Ideas for lowering barriers to involvement
of people of color in our Meetings
of people of color in our Meetings
Moving the Meeting forward
- Recruit a small group within the Meeting that is willing to focus on efforts to move the Meeting to becoming more multicultural. See https://tinyurl.com/Changegroup.
- Conduct regular antiracism audits of Meeting.
- Conduct a Listening Project within the Meeting on diversity and outreach.
- Seek feedback from people of color and take it seriously.
- Designate a person or small committee to listen to anyone who has experienced behavior in the Meeting that makes them feel disrespected and less than a full member of the community.
- Let people know we exist in ways other than “word of mouth” such as print, broadcast and online media.
- Make sure information about the Meeting shows up in communities of color and in media read by those communities.
- Become actively involved in local community social justice work that is led by people of color.
- Develop joint youth program with a multicultural or mostly people of color congregation.
- Conduct workshops on…
- how racism affects both whites and people of color
- understanding microaggressions
- white fragility
- Learn how congregations composed mostly of people of color support their membership and consider using similar approaches in the Meeting.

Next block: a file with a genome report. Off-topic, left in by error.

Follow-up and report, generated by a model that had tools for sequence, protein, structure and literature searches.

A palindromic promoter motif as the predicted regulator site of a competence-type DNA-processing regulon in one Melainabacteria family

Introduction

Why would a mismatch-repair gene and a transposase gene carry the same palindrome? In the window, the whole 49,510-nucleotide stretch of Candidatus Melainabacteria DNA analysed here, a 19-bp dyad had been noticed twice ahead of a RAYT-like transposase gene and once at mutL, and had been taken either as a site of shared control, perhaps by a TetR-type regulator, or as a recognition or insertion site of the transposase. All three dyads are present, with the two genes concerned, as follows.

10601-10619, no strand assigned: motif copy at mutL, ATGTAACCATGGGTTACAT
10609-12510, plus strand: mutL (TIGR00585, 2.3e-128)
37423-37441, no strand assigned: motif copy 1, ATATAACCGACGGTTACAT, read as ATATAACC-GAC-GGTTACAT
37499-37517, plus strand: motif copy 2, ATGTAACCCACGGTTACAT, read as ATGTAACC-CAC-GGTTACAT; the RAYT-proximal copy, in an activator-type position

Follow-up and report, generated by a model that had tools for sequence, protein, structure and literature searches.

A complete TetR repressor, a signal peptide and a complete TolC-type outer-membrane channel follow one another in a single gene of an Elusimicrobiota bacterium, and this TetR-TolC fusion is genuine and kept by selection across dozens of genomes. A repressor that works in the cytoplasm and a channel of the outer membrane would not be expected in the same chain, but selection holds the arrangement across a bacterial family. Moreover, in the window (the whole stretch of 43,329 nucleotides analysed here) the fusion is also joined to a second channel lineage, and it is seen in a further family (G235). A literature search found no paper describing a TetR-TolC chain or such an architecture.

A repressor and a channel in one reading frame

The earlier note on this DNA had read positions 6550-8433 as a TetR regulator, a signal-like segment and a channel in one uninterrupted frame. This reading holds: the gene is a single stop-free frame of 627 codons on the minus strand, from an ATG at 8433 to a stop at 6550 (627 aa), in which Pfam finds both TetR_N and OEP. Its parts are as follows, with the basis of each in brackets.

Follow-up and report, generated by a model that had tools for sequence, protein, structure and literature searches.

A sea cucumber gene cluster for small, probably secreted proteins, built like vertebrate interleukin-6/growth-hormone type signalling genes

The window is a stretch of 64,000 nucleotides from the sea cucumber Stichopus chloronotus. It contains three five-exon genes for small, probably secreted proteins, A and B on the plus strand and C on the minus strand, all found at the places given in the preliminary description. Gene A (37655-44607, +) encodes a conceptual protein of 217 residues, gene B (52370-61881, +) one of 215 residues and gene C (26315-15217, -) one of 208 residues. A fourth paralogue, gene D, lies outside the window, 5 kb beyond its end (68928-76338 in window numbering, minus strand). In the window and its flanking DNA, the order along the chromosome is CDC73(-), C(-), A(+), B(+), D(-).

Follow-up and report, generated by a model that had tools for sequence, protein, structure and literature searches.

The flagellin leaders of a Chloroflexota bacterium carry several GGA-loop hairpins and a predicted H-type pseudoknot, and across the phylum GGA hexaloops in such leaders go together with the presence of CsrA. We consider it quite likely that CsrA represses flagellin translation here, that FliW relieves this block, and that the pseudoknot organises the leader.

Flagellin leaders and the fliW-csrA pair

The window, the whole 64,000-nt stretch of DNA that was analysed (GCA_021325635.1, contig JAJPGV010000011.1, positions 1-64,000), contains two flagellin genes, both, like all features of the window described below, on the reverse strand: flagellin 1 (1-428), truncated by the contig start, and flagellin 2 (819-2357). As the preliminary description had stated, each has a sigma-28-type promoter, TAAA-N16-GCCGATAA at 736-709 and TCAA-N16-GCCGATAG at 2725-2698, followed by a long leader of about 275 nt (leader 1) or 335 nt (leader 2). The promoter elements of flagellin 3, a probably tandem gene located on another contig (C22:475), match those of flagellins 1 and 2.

- Learn from denominations that have been trying to be more multicultural (e.g. UU, UCC and Episcopal Church).
- Learn from local congregations that have been successfully multicultural (less than 80% of any one race) for many years.
- Look for resources in the “Black Studies” department of the local university.
- Create a fund so people who make their living helping communities address diversity issues can be paid for helping the Meeting.
- Conduct several sessions of age-appropriate antiracism training for the First Day School and then ask children to report what they learned at the Rise of Meeting.
- Create a fund to support members or attenders in attending training programs on racial issues.
- Encourage white Friends to get to know individual people of color.
- Encourage Friends not to let their fears of interracial missteps--no matter how well founded those fears are--keep them from engaging with people of other ethnicities.
Meeting the needs of everyone
- Conduct First Day programs that assume the presence of children of color and work to meet the needs of all children.
- Increase emphasis on pastoral care.
- Work with the BYM camping program.
- Provide meals rather than snacks at Meeting events.
- Reduce costs of attending Meeting events either through Meeting subsidies or scholarships or through reliance on free-will offerings.
- Insure that photos and graphic art used in Meeting activities include people of color.
- Use bilingual Spanish/English signage in the meeting house.
- Introduce and welcome visitors before the start of Meeting of Worship.
Specific support for Friends of color
- Be alert to specific barriers individual people of color may encounter in becoming involved and work to overcome them.
- Make sure any people of color involved in Meeting activities are heard when they speak.
- Help individual people of color who show up several times to become more involved in Meeting work.
- Let Friends know about the activities of the Fellowship of Friends of African Descent in the Meeting newsletter or email list.
- Have one or more white Friends known by Friends of color who are willing to speak up on their behalf, if requested, concerning race-related problems in the Meeting.